ShareThis Page
Toonseum’s farewell party for Wos includes unusual attendees |

Toonseum’s farewell party for Wos includes unusual attendees

Brian Herman
| Sunday, October 5, 2014 6:18 p.m
Ocean Princess Leah Froelich made a splash during a party at the Toonseum in Downtown to mark the departure of Joe Wos as the executive director of the Toonseum. Sept. 29, 2014.
Connie Shang, Harsha Mishra, Ege Gurdeniz and Varun Arte were among the guests at a farewell party at the Toonseum in Downtown Pittsburgh to mark the departure of Joe Wos as the executive director of the museum. Sept. 29, 2014.
John Altdorfer
If he could talk to the animals, Joe Wos would be saying goodbye as he attends a farewell party at the Toonseum in Downtown Pittsburgh to mark his departure as its executive director. Sept. 29, 2014.

Passers-by might have thought it odd to see a cartoon-inspired suit, a pen filled with farm animals and a mermaid perched on a couch at the Toonseum on Sept. 29, but for those who know and love its founder and executive director, Joe Wos, it really came as no surprise.

“Pittsburgh does lots of parties,” he laughed. “But they never have an alpaca or a mermaid.”

The swan song to a seven-year run, his farewell party also included best wishes from friends Don Simpson, David Coulson, Greg andYu-Ling Behr, Joan Simpson, Wayne Wise, Connie Shang, Harsha Mishra, Ege Gurdeniz, Varun Arte and Marcel Walker.

Reflecting on his tenure there, Wos was able to put his next chapter into a positive perspective.

“I knew that going in, it’s a nonprofit. It would never be mine. It would always belong to the community,” he said.

Categories: News
TribLIVE commenting policy

You are solely responsible for your comments and by using you agree to our Terms of Service.

We moderate comments. Our goal is to provide substantive commentary for a general readership. By screening submissions, we provide a space where readers can share intelligent and informed commentary that enhances the quality of our news and information.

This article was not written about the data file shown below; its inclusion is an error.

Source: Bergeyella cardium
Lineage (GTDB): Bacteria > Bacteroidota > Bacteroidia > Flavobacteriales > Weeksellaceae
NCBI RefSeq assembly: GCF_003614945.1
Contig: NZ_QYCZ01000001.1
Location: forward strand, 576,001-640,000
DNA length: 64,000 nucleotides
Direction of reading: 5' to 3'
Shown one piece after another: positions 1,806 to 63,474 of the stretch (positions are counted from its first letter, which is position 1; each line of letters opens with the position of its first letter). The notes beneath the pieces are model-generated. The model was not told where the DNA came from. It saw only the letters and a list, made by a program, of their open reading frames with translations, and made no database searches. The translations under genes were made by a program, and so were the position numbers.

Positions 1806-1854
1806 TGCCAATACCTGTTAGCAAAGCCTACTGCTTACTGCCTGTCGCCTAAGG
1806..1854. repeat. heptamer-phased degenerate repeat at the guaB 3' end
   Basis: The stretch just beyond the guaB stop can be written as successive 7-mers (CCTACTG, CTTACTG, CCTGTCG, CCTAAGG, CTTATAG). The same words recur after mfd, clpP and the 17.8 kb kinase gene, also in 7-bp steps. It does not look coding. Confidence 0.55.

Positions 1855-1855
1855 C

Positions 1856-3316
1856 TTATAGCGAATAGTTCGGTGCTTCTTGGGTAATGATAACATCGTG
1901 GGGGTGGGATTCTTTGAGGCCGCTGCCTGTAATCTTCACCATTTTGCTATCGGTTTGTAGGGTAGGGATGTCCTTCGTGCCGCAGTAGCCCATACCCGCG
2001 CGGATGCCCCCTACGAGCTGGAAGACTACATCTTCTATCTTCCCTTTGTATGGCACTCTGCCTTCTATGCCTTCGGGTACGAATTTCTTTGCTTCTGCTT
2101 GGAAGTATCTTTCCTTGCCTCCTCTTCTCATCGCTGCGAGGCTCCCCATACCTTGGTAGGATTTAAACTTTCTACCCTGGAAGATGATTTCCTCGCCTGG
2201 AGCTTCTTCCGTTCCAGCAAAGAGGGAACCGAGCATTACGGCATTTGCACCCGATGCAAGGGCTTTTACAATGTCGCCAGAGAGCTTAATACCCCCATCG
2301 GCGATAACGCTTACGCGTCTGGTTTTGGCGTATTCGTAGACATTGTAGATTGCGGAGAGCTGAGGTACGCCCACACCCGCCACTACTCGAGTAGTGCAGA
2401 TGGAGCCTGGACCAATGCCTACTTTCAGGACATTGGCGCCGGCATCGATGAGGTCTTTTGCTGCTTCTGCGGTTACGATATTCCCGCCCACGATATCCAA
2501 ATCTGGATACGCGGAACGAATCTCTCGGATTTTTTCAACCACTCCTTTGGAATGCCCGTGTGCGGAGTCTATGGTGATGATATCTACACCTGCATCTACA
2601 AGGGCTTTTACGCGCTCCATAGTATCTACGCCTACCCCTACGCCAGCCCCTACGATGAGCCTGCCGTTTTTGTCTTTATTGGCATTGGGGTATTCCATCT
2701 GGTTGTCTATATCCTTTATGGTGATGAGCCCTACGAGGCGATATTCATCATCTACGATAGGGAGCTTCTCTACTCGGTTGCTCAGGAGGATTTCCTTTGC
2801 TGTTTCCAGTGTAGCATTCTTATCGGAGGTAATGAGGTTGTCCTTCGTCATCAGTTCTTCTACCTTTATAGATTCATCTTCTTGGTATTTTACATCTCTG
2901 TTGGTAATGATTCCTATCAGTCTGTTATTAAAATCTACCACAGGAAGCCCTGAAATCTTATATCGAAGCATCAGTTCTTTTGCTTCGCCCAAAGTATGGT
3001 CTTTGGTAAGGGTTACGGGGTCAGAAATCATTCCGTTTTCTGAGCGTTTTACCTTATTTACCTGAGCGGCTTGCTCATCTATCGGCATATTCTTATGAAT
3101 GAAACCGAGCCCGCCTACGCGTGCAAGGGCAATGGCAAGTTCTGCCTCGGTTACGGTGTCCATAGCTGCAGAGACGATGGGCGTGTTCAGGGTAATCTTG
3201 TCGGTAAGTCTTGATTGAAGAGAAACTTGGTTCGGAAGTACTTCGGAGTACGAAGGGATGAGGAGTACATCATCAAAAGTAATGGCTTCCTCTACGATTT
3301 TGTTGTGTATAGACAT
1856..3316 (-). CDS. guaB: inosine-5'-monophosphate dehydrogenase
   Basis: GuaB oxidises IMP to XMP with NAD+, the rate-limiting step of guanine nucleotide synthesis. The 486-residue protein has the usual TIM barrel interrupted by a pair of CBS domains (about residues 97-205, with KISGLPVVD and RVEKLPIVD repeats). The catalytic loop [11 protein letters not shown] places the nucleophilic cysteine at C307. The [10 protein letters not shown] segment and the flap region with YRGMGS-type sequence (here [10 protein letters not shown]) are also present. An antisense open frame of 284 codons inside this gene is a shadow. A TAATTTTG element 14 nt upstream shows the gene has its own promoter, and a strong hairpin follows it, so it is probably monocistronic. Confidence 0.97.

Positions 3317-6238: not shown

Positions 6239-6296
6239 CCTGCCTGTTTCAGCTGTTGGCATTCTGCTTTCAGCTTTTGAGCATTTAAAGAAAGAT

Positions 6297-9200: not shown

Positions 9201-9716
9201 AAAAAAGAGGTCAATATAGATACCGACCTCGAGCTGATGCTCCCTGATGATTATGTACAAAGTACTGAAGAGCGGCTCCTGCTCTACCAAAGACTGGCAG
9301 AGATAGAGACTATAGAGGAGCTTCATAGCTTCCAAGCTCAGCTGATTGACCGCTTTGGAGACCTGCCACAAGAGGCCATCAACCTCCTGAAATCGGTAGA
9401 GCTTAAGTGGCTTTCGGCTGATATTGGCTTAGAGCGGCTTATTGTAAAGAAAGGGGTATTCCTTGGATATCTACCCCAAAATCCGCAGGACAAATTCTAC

While most comments will be posted if they are on-topic and not abusive, moderating decisions are subjective. We will make them as carefully and consistently as we can. Because of the volume of reader comments, we cannot review individual moderation decisions with readers.

We value thoughtful comments representing a range of views that make their point quickly and politely. We make an effort to protect discussions from repeated comments either by the same reader or different readers

We follow the same standards for taste as the daily newspaper. A few things we won't tolerate: personal attacks, obscenity, vulgarity, profanity (including expletives and letters followed by dashes), commercial promotion, impersonations, incoherence, proselytizing and SHOUTING. Don't include URLs to Web sites.

We do not edit comments. They are either approved or deleted. We reserve the right to edit a comment that is quoted or excerpted in an article. In this case, we may fix spelling and punctuation.

We welcome strong opinions and criticism of our work, but we don't want comments to become bogged down with discussions of our policies and we will moderate accordingly.

We appreciate it when readers and people quoted in articles or blog posts point out errors of fact or emphasis and will investigate all assertions. But these suggestions should be sent via e-mail. To avoid distracting other readers, we won't publish comments that suggest a correction. Instead, corrections will be made in a blog post or in an article.